Genetics of dizziness: cerebellar and vestibular disorders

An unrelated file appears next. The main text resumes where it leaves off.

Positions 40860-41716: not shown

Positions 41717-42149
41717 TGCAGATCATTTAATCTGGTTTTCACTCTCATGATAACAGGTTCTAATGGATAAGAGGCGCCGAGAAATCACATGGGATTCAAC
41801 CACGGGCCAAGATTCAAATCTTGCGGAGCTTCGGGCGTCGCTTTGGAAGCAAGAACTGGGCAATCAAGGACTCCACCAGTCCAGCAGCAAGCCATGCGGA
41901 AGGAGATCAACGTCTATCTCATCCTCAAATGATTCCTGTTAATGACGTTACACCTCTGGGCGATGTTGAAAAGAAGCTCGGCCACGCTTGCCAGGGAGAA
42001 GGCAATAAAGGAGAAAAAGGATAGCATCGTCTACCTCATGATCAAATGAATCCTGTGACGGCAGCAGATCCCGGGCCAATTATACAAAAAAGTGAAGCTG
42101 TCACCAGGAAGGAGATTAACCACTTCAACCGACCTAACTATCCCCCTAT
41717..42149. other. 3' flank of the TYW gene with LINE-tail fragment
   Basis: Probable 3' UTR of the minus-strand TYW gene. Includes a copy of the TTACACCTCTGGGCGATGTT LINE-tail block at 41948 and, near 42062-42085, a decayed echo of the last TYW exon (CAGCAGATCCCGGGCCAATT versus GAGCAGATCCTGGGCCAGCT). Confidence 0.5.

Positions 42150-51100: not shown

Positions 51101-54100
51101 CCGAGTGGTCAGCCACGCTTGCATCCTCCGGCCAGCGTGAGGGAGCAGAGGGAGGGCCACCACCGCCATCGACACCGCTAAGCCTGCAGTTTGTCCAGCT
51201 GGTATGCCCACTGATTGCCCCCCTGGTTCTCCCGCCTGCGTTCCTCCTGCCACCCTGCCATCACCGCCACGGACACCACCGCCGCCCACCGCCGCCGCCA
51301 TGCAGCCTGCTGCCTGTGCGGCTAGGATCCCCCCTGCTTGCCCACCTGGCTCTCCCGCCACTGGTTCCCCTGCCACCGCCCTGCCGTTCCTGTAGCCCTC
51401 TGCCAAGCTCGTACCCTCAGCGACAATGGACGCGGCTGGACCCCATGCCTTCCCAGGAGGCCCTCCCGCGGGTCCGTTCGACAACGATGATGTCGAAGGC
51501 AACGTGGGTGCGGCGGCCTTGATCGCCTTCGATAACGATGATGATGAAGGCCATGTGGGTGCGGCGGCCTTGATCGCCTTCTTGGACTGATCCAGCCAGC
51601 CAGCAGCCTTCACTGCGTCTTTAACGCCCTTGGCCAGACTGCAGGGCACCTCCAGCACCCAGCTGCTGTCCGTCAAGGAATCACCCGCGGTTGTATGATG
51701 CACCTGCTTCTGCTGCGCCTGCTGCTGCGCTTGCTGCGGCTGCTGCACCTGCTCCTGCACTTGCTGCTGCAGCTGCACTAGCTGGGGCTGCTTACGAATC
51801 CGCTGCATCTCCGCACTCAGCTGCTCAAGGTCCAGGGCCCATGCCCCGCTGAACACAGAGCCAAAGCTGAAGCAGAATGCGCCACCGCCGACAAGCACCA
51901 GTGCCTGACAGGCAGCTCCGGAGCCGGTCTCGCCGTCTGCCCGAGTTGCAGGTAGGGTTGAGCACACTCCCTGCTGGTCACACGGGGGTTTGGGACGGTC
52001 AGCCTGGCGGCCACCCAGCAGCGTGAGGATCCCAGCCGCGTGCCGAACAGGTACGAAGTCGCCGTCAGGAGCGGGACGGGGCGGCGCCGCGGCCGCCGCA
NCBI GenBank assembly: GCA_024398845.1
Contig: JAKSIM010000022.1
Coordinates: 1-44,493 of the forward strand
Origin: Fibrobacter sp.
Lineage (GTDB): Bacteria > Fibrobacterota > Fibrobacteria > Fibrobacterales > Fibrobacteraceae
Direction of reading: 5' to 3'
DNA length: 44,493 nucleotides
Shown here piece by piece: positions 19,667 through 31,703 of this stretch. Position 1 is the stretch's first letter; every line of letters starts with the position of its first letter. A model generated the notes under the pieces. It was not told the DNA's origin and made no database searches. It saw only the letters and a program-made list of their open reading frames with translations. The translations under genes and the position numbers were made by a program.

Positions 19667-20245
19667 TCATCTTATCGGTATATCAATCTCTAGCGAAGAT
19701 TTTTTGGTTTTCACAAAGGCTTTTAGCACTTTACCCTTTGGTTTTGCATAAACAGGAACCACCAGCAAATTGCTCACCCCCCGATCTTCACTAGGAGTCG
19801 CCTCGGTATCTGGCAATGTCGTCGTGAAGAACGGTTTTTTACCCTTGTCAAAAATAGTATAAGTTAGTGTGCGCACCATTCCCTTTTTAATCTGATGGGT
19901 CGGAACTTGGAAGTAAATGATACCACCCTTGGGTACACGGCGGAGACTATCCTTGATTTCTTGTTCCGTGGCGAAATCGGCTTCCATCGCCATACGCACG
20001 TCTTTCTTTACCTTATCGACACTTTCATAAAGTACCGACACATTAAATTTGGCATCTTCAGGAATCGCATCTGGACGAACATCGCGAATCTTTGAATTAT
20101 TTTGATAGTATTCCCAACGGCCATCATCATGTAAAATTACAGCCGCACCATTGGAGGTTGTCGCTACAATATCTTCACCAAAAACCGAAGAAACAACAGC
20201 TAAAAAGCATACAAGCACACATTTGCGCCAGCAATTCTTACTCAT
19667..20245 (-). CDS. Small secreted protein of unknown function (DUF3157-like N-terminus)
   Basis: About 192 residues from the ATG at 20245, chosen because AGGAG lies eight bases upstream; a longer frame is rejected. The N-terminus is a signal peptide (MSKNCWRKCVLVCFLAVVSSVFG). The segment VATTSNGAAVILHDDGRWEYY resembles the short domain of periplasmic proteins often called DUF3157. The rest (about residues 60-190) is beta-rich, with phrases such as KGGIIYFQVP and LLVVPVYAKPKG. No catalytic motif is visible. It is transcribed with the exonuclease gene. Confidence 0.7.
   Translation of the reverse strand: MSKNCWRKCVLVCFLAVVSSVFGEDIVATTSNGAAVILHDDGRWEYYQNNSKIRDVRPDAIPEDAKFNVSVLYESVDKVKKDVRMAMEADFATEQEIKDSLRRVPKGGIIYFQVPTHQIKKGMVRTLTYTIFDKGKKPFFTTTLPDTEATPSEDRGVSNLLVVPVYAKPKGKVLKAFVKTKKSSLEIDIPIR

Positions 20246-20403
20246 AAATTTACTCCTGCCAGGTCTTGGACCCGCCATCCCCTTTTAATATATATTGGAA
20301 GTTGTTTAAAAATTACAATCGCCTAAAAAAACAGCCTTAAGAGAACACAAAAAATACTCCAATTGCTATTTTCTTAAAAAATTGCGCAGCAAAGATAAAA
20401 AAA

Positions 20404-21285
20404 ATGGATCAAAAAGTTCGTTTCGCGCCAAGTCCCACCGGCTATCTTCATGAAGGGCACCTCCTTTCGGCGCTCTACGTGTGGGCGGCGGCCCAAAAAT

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Purpose of reviewRecent advances in next generation sequencing techniques (NGS) are increasing the number of novel genes associated with cerebellar and vestibular disorders. We have summarized clinical and molecular genetics findings in neuro-otolology during the last 2 years.Recent findingsWhole-exome and targeted sequencing have defined the genetic basis of dizziness including new genes causing ataxia: GBA2, TGM6, ANO10 and SYT14. Novel mutations in KCNA1 and CACNA1A genes are associated with episodic ataxia type 1 and type 2, respectively. Moreover, new variants in genes such as COCH, MYO7A and POU4F3 are associated with nonsyndromic deafness and vestibular dysfunction. Several susceptibility loci have been linked to familial vestibular migraine, suggesting genetic heterogeneity, but no specific gene has been identified. Finally, loci for complex and heterogeneous diseases such as bilateral vestibular hypofunction or familial Ménière disease have not been identified yet, despite their strong familial aggregation.SummaryCerebellar and vestibular disorders leading to dizziness or episodic vertigo may show overlapping clinical features. A deep phenotyping including a complete familial history is a key step in performing a reliable molecular genetic diagnosis using NGS. Personalized molecular medicine will be essential to understand disease mechanisms as well as to improve their diagnosis and treatment.

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